Released in Japan on June 23, 1996 and in the US on September 26, 1996, the Nintendo 64 game console was billed as the first 64-bit home platform ever created. Unlike the (then) next-generation competitors Sony PlayStation and Sega Saturn, which both read games off CDs, Nintendo 64, like Super NES before it, was a cartridge-based machine. Developed with Silicon Graphics International it includes a custom chip originating from a MIPS R4000 cpu.
It was the price of the the carts that ultimately made the console a disappointment in Japan, but Nintendo 64 was an outright success in America where it has sold through more than 17 million pieces of hardware (and 32+ million worldwide).
Many factors were against the console at the moment of the release: price of memories increasing, cheaper media for rival gaming systems, small storage system capabilities for carts and high licensing fees. On top of this, it was also difficult to develop games for it, so many game developers switched to different consoles.
The Controller for Nintendo 64 has been the most advanced controller so far, possibly also because it was the first to introduce many new elements in the home market. First of all, as one can notice it can be handled in three different postions, and it has been the first to introduce the analog stick (the one in the middle). The first game to use it has been Super Mario 64, this game lets you control the way Mario moves by simply pushing the stick completely in one direction or just by a little: you can walk and run at so many different speeds. Since it has been the first gaming console to introduce the analog stick, designers at Nintendo thought it could be a better idea to leave the orignal 8-way directional pad as the main control way. But as games developed, not many titles use the original control pad; the analog one offers better control in 3d worlds with changing perspective, driving games, rpg games and even platformers, with the possibility to choose the speed of the character.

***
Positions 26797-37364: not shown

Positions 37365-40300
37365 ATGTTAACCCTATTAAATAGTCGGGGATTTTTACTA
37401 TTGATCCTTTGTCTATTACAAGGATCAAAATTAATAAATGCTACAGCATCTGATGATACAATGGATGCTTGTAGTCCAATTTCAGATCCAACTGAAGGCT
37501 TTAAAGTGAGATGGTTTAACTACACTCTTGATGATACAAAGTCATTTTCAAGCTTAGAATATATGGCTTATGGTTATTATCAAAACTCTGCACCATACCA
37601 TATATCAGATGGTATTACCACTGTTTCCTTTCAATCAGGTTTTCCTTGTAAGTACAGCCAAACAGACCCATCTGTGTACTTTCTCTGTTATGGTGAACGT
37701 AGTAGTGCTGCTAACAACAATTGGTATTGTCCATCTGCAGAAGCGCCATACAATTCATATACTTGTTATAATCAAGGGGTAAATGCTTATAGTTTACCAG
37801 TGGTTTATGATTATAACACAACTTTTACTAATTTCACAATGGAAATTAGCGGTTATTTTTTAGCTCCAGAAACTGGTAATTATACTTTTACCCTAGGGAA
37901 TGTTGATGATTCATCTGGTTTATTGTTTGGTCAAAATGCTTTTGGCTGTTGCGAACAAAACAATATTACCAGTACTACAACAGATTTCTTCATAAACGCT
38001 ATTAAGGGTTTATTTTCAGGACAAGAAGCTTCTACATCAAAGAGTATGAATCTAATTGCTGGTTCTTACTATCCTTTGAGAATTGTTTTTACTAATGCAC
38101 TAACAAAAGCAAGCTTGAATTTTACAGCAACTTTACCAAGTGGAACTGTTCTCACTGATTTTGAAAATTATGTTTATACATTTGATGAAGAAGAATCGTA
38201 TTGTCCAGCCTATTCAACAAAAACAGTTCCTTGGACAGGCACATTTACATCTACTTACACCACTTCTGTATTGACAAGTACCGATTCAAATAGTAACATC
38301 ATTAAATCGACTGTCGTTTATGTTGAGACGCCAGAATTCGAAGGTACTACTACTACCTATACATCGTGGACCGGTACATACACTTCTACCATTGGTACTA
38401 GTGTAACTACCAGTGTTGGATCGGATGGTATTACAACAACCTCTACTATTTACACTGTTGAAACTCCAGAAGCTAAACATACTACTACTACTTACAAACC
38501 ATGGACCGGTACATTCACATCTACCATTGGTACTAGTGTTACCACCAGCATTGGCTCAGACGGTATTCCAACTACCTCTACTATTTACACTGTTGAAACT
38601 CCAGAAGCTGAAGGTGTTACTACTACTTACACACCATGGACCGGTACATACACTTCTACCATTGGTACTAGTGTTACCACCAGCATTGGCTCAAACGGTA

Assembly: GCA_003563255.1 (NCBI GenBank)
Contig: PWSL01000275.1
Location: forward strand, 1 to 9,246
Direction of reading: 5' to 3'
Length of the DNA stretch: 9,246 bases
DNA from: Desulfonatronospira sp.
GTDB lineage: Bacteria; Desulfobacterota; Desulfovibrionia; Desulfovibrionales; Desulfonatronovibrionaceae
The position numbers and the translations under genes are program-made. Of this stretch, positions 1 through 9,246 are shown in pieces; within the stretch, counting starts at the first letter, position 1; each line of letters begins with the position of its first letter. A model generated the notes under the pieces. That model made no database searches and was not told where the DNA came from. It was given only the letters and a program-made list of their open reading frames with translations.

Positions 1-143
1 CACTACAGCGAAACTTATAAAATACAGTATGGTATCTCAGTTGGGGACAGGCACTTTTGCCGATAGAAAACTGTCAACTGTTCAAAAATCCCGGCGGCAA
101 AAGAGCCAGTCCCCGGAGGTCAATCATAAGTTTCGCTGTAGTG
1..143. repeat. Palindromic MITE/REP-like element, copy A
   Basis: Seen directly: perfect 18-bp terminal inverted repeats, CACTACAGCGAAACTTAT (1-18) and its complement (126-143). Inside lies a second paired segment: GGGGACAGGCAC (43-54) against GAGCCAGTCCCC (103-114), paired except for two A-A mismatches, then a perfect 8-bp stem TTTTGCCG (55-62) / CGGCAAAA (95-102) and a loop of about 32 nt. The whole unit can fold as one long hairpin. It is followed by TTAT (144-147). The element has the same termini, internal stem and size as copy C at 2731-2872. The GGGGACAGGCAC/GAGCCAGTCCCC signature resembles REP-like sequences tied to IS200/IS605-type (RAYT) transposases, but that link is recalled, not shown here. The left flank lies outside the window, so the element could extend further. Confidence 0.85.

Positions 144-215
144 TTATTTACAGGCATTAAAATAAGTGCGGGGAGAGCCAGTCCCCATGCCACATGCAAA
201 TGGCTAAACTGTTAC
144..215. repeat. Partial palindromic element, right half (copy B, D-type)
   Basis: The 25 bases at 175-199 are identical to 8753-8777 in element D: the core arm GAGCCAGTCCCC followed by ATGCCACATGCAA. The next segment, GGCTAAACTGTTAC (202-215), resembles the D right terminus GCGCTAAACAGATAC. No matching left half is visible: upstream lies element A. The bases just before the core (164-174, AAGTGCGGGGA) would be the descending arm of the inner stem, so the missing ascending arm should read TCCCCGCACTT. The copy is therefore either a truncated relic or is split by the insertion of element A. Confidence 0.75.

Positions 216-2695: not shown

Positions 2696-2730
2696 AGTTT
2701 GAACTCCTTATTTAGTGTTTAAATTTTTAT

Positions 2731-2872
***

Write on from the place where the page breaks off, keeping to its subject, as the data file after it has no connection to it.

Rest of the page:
Every way you take the controller in hand you will end up with a trigger at the bottom or on the shoulder of the pad. It has been greatly designed to offer maximum comfort in all 3 postions.
Though the look originates from the old Super Famicom one, some buttons have been removed and other splitted. The most particular one is the yellow C butoon, which is made by four different buttons originating another control pad. This configuration makes possible to move a camera (like Super Mario 64 does - you can change the point of view while running around a mountain and even zoom to Mario's eyes) or to control movement, like in Turok. You cannot imagine how simple is to control a character in a first person view with the Nintendo 64 Controller: holding it like the 3rd example posted here, with the yellow buttons you control the movement on the ground, and with the analog stick you can look and shot freely around while running in another direction. It gives you better and easier control than a mouse and a keyboard, believe me.